This was my idea to come here. I’m the one who wanted to try something new. How is this different than riding a scary roller coaster? A roller coaster is safe; guns aren’t safe. But I am safe here. Nothing will go wrong. I’ll never know if I don’t try. I just have to do it once. I can do anything once. Just be brave. Be a grown up. Do it, come on. You got this. 

 I inched up to stall 8, staring down at the small dark menacing weapon that I was supposed to pick up.

“You’re over thinking it. You can do this. I’m right here,” Nate comforted me as he gently put his hand on my back.

He walked me through picking up the gun, placing my index figure next to, but not on the trigger, lining up the sights to aim, resting my elbow on the table, straightening my right arm, and supporting my other arm. I could feel my entire body sweating and shaking. I sniffled, trying to compose myself,  shove down all of my fear, but struggling to keep it together.
This is what you wanted. You wanted to try it. So try it. You can do it. It’ll be okay,  I shouted to myself.

I took a deep breath, and cautiously moved my index finger to the trigger. I pulled back, it didn’t shoot, I pulled back harder and then Boom! “AHH!” I screamed. 
The gun exploded back in between my hands, sending the bullet forward into the target, and the bullet casing shell bursting out somewhere.

“I’m sorry. I’m so sorry.” I immediately began repeating apologies for my scream.
“It’s okay, no one heard you. You did great,” Nate said as he motioned for me to gently set down the gun. I did actually hit the target, and I had fired a gun…and survived.
“Here, do it again,” Nate said.

I shook my head and resumed my place in the back of the room.
Throughout the half hour, I did actually fire the gun two more times, not screaming. The second shot was easier to shoot. I knew what to expect and the fear was less intense. The third shot was easier than that. I couldn’t bring myself to fire a whole round of six consecutive shots. I only fired the third shot with the mentality of “Just one more. That’s it. You’re almost done.”

Ultimately, I’m proud of myself for facing my fear and trying something new. I don’t think I’ll go back to the shooting range anytime soon because for now, the memory of it all is enough.

2016, august, blog, concert, debbie, myblog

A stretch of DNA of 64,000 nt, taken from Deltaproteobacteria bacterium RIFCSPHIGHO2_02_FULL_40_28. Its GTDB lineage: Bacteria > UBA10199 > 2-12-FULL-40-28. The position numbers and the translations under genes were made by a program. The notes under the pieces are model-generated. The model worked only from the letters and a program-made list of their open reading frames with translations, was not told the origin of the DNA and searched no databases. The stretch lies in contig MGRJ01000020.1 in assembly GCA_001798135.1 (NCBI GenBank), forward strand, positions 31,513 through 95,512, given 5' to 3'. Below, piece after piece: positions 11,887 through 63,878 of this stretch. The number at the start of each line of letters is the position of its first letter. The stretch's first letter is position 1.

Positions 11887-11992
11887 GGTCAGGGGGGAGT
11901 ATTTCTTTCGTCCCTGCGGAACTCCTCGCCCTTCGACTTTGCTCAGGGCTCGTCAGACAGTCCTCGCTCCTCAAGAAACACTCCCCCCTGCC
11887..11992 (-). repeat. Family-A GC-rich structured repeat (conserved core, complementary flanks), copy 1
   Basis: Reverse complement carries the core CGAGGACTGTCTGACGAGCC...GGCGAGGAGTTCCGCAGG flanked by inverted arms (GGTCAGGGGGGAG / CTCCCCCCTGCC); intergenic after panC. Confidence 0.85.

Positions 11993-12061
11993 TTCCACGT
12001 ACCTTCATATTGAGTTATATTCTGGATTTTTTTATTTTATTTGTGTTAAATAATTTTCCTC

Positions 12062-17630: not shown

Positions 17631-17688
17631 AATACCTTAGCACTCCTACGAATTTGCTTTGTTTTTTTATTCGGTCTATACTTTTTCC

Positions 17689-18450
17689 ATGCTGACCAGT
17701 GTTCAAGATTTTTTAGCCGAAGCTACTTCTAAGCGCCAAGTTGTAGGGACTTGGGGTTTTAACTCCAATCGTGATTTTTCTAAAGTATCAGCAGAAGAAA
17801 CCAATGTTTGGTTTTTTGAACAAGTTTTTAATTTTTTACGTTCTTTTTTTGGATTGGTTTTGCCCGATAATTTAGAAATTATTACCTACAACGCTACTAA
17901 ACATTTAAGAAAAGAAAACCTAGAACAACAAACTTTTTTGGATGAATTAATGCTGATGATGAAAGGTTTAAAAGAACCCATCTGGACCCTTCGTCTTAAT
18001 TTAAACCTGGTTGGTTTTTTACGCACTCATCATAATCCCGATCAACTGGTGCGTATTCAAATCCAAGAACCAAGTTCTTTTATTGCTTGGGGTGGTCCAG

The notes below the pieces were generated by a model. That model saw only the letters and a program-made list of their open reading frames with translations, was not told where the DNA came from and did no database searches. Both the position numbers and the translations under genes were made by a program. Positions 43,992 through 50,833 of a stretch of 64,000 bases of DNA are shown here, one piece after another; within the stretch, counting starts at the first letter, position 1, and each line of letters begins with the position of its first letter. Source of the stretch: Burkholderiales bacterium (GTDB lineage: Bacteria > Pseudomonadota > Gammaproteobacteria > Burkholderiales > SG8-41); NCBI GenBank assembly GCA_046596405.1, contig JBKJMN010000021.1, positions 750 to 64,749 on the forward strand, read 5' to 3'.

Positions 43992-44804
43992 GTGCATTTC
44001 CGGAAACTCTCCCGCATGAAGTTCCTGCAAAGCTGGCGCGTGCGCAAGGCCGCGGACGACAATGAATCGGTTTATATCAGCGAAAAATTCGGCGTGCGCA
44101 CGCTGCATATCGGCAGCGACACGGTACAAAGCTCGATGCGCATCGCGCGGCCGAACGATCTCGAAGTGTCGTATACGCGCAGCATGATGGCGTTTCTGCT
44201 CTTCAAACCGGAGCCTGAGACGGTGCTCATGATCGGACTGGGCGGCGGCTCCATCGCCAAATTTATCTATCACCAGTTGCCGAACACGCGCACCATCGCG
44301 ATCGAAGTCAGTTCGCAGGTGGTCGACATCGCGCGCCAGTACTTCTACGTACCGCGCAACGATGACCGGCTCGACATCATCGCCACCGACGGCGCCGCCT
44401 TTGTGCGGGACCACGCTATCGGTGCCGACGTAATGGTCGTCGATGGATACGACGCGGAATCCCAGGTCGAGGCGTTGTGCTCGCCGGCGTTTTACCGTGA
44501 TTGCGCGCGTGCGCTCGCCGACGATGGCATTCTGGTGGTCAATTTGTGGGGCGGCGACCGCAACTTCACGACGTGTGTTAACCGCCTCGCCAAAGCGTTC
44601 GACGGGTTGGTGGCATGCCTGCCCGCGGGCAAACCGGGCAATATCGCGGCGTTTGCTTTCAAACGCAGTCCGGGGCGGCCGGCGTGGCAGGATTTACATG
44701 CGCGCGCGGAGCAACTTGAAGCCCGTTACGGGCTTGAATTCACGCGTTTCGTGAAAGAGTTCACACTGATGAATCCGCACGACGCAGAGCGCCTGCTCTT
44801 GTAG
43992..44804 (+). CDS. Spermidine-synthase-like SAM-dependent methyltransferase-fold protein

On Wednesday, Emily and I drove to Cincinnati to see Blink 182 at the Riverbend

I like Blink 182, but I’ll admit I was more excited to see All American Rejects. I’ve listened to them since high school and so it was like a dream come true to see them in concert.
However, they were disappointing. Tyson Ritter seemed high and just crazy. Every other word was “Fuck” or “Fuckin.”
Most disappointing was their setlist because they only did their top hits: “Dirty Little Secret,” “Gives you hell,” “Move along,” and “It Ends Tonight.”  I really like the songs from their older albums so I was bummed not to hear any of my lesser-known favs.

All-American Rejects 

After All-American Rejects, there was this band called A Day to Remember and their music was not my cup of tea. I don’t like metal or heavy metal or any type of screaming or heavy drums. They had a fun set, nevertheless, because they had TV screens behind them and a fish-eye camera on-stage that they would move around to film themselves and the audience. They also threw out into the crowd multiple rolls of toilet paper. The rolls went bouncing around the crowd, streaming everywhere.

Blink 182

Once it turned dark, Blink 182 came on stage. They opened their set by having flaming letters that spelled out “Fuck” on stage. That was pretty amazing. Throughout their show, they had quite a bit of pyrotechnics. They put on a high energy show, performing both old classics and newer songs. I enjoyed “I Miss You” because they had these cool visuals of two skeletons falling in and out of love on the TV screen behind them. I also liked “All the Small Things,” “Bored to Death” and “First Date.”

Me and Emily